In New Letter To Attorney General Barr, Leader Schumer Demands Answers Regarding The AG’s Alarming Claim That The President Can Unilaterally Dismiss Investigations He Believes Are Based On False Allegations

May 2, 2019

In The Letter, Leader Schumer Excoriates Attorney General Barr For His Extremist Statement Which Shows A Complete And Total Disregard For The Carefully-Designed System Of Checks And Balances The Framers Enshrined In Our Constitution

Schumer Demands That Barr Answers A Series Of Questions—Including Whether AG Barr Stands By His Statement, Who Determines Whether The President Is ‘Falsely Accused’, And Whether It Is Lawful For The President To Unilaterally Terminate Investigations

Schumer To Barr: If These Views Are Truly Your Views, You Do Not Deserve To Be Attorney General

Washington, D.C.On the heels of Attorney General Barr’s disturbing performance before the Senate Judiciary Committee Wednesday, where he claimed the President of the United States can unilaterally dismiss investigations if he believes they are based on false allegations, Democratic Leader Chuck Schumer (D-NY) today sent a letter to AG Barr demanding answers to a number of questions about these comments, in order to determine his commitment to the rule of law and fitness to continue leading the Department of Justice. In the letter, Leader Schumer expresses extreme concern regarding the troubling, extremist views AG Barr put forth during the hearing and says they exemplify complete disregard for the carefully-designed system of checks and balances the Framers enshrined in our Constitution. Schumer adds that if Attorney General Barr truly subscribes to these views, he does not deserve to be Attorney General.

Leader Schumer’s letter to Attorney General Barr can be found here and below:

May 2, 2019

The Honorable William P. Barr

Department of Justice

950 Pennsylvania Avenue, NW

Washington, DC  20530

Dear Attorney General Barr:

Your testimony before the Senate Judiciary Committee yesterday raised a number of very serious concerns about your understanding of your role in our government, your commitment to the rule of law and your fitness to continue leading the Department of Justice. 

Among the many disturbing things you said, I was particularly troubled by your statement that if the president feels an investigation “is based on false allegations, the president does not have to sit there constitutionally and allow it to run its course.  The president could terminate that proceeding and not have it be corrupt intent because he was being falsely accused.”  If this idea is how our nation is governed, we will no longer be the democracy Americans think we are.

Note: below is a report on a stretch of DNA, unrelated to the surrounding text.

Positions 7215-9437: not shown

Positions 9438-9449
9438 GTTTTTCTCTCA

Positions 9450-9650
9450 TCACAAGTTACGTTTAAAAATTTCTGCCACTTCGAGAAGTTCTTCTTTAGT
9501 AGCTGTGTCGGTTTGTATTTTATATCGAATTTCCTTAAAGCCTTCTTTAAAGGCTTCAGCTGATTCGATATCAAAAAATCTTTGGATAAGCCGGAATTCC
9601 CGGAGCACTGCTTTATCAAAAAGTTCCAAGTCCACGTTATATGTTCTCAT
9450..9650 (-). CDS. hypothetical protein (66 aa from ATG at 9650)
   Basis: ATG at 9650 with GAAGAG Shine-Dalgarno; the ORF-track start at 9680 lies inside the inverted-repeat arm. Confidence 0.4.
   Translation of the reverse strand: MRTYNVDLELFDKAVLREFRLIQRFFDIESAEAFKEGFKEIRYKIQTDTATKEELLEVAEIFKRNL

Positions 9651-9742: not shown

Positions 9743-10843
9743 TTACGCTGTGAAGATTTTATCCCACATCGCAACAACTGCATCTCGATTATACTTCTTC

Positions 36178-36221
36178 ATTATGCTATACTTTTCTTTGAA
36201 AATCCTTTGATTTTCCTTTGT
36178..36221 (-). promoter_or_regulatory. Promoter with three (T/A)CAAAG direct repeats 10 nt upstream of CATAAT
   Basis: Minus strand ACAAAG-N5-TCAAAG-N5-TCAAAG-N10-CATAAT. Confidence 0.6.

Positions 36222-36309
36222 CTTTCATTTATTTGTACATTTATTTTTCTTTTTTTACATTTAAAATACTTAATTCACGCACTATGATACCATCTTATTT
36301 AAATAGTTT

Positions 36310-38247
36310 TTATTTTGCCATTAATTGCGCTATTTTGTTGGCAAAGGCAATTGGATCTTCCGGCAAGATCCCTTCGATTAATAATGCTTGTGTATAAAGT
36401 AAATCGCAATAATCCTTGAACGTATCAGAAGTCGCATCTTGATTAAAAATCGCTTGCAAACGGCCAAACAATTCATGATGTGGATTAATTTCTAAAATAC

I understood from the memorandum you sent to Deputy Attorney General Rosenstein in June of 2018 that you subscribe to a philosophy in which the executive is exalted above the other co-equal branches of government.  But this was the first time I had heard you articulate, as Attorney General, this starkly extremist view.  Such a statement, in my view – and I believe most Americans would agree – shows complete disregard for the carefully-designed system of checks and balances the Framers enshrined in our Constitution.  If these views are truly your views, you do not deserve to be Attorney General.  I was so troubled by your statement that I am writing today to ask you the following questions:

Do you stand by this statement, or was it a mistake?

In your view, who determines whether the president is “falsely accused?”  Do you believe the president has the power to make such a determination himself – unilaterally?   

Is it lawful for the president to unilaterally terminate an investigation involving a member of his family?  Or a business associate? 

Do you believe that President Nixon, who certainly believed he was falsely accused, could simply have terminated the Watergate investigation?  Who was right in the Saturday Night Massacre – President Nixon or Elliot Richardson?

What limiting principle, if any, applies to your theory of a president’s power to terminate such investigations? 

I would appreciate your prompt reply to these questions.

                                                                        Sincerely,

                                                                        Charles E. Schumer

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